The story of Bluebeard is another excellent fairy tale when it comes to emotional intelligence. It teaches children about intuition, the ability to control their impulses, and about using good sense in the midst of difficulties.
The story refers to a very rich man who lives in a village. He’s known for his multiple castles and carriages, but also for the blue color of his beard. This beard scares off women, meaning that nobody wants to marry him.
However, it turns out that, in the same village, there is a quite ambitious women with three daughters. This woman encourages her daughters so that one of them will marry the mysterious and wealthy prince.
After a courtship with each of the three sisters, it’s the youngest that accepts entering into matrimony with Bluebeard. The young lady throws out and ignores all of her protective instincts and warnings about this mysterious man.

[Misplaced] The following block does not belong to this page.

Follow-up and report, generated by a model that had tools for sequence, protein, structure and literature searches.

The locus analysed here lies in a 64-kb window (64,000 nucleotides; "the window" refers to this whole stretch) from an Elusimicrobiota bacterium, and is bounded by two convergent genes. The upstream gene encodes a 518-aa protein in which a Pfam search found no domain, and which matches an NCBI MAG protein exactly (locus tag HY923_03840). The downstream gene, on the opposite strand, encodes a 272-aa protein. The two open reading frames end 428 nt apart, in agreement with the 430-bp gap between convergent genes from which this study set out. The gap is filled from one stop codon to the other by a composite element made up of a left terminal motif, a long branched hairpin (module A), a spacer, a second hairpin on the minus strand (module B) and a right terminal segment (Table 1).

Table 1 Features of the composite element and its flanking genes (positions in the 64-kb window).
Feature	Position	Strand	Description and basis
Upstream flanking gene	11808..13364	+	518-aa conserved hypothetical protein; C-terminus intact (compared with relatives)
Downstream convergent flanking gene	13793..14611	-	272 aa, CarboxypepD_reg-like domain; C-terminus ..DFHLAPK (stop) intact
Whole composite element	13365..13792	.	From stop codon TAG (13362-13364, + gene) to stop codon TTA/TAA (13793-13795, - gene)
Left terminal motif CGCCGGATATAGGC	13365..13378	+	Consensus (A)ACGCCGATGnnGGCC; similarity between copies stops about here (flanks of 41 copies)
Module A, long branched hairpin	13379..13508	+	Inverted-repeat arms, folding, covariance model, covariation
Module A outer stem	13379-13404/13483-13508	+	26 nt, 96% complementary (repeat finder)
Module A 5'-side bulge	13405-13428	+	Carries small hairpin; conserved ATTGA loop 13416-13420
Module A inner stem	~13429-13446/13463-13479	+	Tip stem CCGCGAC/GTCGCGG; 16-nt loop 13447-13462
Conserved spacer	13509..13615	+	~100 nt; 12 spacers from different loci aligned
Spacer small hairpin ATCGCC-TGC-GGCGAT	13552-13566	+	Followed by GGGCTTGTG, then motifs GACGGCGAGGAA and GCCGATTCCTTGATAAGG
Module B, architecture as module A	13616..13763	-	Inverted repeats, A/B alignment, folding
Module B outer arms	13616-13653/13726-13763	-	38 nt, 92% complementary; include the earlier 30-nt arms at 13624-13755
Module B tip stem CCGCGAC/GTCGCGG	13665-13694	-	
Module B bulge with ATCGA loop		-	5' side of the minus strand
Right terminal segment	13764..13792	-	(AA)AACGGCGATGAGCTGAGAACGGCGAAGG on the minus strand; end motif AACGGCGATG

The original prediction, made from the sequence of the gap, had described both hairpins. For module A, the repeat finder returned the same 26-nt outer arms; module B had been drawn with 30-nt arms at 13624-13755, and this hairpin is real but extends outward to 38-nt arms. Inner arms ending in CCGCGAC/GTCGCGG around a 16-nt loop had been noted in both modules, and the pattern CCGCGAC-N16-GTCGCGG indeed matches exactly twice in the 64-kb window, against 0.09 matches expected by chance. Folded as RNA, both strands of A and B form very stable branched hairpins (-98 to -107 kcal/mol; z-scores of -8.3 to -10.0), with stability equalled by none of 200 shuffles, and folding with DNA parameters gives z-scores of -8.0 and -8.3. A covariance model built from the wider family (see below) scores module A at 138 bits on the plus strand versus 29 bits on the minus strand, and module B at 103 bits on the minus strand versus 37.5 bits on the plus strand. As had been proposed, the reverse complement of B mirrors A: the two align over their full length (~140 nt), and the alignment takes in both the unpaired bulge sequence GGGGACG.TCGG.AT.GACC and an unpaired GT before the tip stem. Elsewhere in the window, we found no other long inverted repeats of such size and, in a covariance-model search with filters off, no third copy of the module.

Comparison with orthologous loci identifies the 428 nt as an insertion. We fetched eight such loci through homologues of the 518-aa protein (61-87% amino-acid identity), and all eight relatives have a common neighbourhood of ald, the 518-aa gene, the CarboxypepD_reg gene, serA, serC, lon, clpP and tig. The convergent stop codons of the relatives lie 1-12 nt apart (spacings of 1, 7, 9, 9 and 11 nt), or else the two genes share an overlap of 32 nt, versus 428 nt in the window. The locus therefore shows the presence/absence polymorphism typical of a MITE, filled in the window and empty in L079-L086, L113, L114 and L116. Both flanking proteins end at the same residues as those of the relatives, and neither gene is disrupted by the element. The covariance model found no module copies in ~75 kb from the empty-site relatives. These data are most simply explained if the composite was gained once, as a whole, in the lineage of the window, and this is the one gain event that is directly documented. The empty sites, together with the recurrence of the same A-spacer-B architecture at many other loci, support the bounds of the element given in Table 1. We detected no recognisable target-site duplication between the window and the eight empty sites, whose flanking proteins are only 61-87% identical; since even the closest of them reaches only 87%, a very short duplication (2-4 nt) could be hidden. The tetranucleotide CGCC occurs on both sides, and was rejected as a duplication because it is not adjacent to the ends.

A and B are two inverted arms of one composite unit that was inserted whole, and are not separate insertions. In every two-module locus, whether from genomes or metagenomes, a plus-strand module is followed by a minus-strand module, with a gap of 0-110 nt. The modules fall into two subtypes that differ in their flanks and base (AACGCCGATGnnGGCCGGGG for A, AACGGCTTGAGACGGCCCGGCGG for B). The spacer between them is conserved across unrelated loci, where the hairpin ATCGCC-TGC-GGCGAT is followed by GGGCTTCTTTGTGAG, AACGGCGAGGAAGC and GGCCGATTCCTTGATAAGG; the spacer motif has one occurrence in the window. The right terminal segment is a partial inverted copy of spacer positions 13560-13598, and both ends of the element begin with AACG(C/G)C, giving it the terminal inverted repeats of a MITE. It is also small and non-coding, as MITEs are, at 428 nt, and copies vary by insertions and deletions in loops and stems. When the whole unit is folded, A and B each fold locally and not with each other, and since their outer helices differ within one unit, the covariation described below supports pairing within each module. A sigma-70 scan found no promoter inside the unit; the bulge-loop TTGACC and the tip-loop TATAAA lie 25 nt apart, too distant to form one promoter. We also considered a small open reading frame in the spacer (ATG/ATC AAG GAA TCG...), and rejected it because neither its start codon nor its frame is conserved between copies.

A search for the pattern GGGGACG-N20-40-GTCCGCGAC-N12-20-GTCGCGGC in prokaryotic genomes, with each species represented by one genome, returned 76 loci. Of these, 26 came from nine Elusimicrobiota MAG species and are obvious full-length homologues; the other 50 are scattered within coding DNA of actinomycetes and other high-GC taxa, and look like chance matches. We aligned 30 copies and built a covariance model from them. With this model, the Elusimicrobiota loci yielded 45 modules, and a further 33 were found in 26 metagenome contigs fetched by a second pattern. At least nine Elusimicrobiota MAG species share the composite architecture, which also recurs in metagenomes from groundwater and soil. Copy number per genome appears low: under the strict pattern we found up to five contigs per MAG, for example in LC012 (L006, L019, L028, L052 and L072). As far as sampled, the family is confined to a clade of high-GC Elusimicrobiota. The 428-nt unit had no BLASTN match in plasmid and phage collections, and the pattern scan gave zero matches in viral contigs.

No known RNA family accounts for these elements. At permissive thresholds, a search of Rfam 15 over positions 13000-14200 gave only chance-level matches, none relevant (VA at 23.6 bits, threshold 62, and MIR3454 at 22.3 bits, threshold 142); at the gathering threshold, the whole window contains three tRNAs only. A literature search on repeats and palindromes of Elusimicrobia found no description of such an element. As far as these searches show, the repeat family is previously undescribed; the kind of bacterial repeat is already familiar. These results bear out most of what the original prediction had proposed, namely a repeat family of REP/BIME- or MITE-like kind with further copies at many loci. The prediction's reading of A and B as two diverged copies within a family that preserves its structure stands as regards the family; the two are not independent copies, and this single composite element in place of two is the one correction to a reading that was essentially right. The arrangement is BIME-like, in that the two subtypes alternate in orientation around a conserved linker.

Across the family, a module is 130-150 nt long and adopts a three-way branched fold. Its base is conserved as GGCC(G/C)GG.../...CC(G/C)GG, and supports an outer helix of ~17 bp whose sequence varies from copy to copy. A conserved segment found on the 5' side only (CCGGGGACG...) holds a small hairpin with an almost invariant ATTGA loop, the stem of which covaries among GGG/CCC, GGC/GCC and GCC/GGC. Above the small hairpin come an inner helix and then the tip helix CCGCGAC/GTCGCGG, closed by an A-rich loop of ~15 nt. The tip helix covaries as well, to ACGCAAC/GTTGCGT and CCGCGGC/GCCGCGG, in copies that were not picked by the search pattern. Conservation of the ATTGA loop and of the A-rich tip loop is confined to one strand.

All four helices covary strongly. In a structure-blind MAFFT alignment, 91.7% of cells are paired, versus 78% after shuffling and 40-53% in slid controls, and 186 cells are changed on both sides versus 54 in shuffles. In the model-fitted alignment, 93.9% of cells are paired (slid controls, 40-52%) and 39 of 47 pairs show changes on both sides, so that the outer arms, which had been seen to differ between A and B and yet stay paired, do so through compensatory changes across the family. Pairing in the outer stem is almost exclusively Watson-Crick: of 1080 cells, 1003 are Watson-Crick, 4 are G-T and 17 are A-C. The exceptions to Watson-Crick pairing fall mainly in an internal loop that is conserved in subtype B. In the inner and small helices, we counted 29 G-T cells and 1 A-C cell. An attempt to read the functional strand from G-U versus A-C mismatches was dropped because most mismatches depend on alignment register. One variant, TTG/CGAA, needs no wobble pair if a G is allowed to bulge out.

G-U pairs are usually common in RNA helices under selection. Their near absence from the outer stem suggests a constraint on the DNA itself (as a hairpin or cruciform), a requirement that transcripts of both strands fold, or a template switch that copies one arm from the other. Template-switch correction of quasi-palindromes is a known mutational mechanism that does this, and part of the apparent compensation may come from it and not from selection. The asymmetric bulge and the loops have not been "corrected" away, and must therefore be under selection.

From that point on, the story slowly reveals the true essence of this strange prince. His young wife must come to learn hard lessons about prudence and self-control in the midst of adversity in order to save her life.
Choose literature that is suitable for your child’s age
We’ve just provided two noteworthy stories about emotional intelligence for children. However, it’s important to remember that there are many stories that help children learn and develop this skill. For example, we can mention fairy tales like Cinderella, Little Red Riding Hood, and The Ugly Duckling.